A jalousie window (UK: //, US: //) or louvered window (Australia, New Zealand, Pacific Islands, Southeast Asia, United Kingdom) is a window composed of parallel glass, acrylic, or wooden louvres set in a frame. The louvres are joined onto a track so that they may be tilted open and shut in unison to control airflow, usually by turning a crank.
Jalousie is the French word for "jealousy". It originated in 18th century France from the Italian word geloso, which means "jealous" or "screen", as in to screen something from view. Supposedly because of their slatted louvres, jalousie windows protect the interior of the house from jealous, peering eyes. However, the origin of jalousie dates from the mid-18th century, derived from the French word jealousy, "permitting one to see without being seen".
Joseph W. Walker of Malden, Massachusetts applied for a US patent for a basic louvered window in 1900. He was issued patent no. 687705 on November 26, 1901. A popular hand-cranked glass, aluminum and screen window combination was later designed by American engineer Van Ellis Huff and found widespread use in temperate climates before the advent of air conditioning. Jalousie windows were a popular feature in mid-century modern houses, especially those built in warm and humid climates.
Jalousie windows maximize natural ventilation by allowing airflow through the entire window area. Historically made only of wooden slats or glass panes, they are well suited to mild-winter climates. With mass production they became very common throughout homes in mid-20th-century Florida, Hawaii, southern California, the Deep South, and Latin America. In cooler regions they were used in porches and sunrooms. They were also widely used in mobile homes during the 1950s and 1960s before most manufacturers began switching to sliding and sash windows in subsequent decades. Modern jalousie windows may be high-performance architectural windows, and some have even been featured in buildings which received awards for excellence in residential design and sustainable living. Jalousie windows have evolved over time and these days can be seen as a design element as well as a technical device to utilize natural ventilation and temperature control. They are also used more widely in commercial projects.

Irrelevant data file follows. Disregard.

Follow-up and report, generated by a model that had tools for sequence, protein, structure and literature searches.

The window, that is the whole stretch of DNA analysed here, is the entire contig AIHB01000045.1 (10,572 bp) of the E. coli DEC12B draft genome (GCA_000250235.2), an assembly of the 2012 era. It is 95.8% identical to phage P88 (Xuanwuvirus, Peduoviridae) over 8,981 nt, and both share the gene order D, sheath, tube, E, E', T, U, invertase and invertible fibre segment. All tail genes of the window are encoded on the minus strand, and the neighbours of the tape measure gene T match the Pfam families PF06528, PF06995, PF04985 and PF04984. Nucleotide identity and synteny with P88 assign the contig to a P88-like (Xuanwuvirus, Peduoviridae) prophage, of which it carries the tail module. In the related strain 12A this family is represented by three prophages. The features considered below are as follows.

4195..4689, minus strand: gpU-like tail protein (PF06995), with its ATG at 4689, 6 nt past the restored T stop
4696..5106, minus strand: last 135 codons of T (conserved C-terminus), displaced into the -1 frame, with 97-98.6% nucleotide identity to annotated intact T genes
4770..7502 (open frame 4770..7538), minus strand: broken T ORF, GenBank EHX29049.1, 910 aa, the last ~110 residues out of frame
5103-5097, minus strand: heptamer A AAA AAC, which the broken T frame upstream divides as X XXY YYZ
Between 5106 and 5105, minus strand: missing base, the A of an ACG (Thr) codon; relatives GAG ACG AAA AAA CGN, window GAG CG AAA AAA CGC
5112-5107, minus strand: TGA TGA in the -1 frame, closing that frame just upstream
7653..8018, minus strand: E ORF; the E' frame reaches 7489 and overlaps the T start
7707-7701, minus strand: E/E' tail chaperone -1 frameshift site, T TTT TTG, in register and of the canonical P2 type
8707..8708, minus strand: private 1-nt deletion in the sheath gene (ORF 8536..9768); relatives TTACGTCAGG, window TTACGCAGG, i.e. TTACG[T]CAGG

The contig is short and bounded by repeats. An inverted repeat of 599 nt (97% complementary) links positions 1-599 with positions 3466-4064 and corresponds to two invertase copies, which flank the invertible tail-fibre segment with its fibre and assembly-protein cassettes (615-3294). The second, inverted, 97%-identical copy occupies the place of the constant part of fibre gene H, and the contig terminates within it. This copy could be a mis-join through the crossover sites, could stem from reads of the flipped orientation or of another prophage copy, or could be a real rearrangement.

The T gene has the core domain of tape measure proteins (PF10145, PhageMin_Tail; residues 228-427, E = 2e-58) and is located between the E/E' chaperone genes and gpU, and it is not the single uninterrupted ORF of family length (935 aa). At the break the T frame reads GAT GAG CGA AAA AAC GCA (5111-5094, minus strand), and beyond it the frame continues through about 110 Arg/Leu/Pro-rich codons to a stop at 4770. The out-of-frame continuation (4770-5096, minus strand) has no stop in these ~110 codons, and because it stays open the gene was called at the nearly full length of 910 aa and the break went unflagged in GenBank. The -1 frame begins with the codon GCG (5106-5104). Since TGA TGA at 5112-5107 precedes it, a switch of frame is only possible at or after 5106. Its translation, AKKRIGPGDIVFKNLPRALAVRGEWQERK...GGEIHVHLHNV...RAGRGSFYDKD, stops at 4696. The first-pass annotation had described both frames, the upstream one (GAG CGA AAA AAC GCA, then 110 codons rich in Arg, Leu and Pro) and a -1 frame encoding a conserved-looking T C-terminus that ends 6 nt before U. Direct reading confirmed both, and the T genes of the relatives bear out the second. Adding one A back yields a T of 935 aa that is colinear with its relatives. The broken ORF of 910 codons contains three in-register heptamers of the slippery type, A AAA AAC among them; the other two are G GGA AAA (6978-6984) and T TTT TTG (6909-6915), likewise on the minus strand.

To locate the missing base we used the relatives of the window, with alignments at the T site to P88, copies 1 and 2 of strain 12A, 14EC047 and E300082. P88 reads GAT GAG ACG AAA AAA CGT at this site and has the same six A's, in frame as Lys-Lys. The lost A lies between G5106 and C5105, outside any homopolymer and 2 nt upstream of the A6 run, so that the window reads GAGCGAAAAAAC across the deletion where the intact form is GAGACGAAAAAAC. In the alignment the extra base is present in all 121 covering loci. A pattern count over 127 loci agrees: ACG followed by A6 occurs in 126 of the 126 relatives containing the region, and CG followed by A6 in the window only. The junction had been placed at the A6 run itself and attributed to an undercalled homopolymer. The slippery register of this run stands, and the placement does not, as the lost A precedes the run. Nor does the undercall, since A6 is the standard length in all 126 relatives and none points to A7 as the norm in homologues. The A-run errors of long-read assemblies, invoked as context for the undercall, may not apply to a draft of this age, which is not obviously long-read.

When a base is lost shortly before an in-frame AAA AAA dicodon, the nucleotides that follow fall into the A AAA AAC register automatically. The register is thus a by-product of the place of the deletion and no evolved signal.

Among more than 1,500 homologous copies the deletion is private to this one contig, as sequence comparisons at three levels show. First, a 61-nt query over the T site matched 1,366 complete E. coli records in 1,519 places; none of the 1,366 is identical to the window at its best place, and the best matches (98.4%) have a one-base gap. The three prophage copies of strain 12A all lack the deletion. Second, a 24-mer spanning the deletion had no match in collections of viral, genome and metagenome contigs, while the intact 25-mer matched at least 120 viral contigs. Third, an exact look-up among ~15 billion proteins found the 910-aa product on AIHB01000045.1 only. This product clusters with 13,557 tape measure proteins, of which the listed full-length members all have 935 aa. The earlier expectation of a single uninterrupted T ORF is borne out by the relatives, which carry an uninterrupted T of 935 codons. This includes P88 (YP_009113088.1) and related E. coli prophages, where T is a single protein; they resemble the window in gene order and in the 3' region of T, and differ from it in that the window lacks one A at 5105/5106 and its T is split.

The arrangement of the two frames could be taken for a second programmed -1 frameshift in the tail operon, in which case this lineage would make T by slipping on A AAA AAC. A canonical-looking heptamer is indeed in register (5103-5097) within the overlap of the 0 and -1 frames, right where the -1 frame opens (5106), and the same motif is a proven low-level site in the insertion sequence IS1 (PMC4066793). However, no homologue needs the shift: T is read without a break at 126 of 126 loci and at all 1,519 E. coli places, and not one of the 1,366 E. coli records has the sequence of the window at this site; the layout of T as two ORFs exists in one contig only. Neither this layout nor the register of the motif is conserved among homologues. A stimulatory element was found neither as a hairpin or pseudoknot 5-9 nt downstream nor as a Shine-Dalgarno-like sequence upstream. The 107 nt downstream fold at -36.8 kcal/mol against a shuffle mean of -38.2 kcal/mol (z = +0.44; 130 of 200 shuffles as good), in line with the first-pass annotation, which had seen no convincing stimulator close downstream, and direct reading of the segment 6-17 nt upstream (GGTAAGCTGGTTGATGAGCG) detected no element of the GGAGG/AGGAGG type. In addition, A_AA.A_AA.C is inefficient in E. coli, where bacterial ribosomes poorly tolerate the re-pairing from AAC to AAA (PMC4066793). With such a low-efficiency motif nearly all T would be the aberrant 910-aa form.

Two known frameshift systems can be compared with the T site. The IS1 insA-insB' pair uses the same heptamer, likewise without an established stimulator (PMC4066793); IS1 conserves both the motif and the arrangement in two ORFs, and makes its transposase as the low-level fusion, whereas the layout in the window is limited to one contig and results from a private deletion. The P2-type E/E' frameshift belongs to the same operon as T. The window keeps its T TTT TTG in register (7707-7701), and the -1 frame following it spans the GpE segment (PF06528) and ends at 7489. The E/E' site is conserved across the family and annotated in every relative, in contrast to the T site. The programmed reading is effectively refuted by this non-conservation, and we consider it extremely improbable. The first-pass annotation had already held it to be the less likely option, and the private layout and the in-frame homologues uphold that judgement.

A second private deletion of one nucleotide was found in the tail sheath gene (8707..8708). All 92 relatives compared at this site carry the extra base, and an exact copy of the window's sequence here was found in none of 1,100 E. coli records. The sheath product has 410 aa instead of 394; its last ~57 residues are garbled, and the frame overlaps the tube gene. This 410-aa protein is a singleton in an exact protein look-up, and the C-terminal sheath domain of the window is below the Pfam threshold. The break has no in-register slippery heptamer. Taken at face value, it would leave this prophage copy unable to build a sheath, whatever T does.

A commonly accepted advantage of jalousie windows is their ability to be left part-way open in heavy rains as a way to maintain desirable ventilation, whether a sunshower or prolonged tropical storm. An experiment in 1960 tested the efficacy of jalousie windows in tropical climates to exclude rain while still allowing for air flow. A major issue with excluding rain while allowing air flow is that both tend to come from the same direction. The angled slatted jalousie windows give the impression of solving this issue, however, the actual efficacy of the windows to let in air while keeping out water was deemed unsatisfactory by the study's authors.
Jalousie windows also have several other drawbacks. Traditional style jalousie windows offer poor overall resistance to water penetration and drafts and are difficult to positively secure, as their slats are easily and silently removed. In addition to the inability to keep out water, they do not provide a secure barrier to keep air conditioned air inside. Also, the metal parts which make up the windows moving mechanism are prone to corrosion in humid environments, leading to damage such as broken or missing cranks. Jalousie windows are objects of scorn for many Floridians, as the windows are unable to keep out human and insect home invaders.
Modern manufacturers have improved their designs of jalousie windows to address these problems. Many market their products as having greater security and energy efficiency compared to earlier versions.
Mid-century modern advertising
Many companies manufactured jalousie windows during the 20th century, and there are multiple surviving examples of advertisements from this period which demonstrate how the windows were marketed to consumers. The advertisements tended to stress how jalousie windows provide ventilation, privacy, rain-proofing, and an extra room in winter. Companies like StormMaster claimed their jalousies provided "winter warmth and summer comfort". Others, like Ludman WindoTite, promoted their product by declaring how the brand's windows have "transformed the Jones' front porch", which is a reference to the concept of keeping up with the Joneses. The VentVue company took a different approach to their advertising copy, instead stressing how their jalousies make "every window a picture window", and states that they are fashionable choice for new constructions and replacements.
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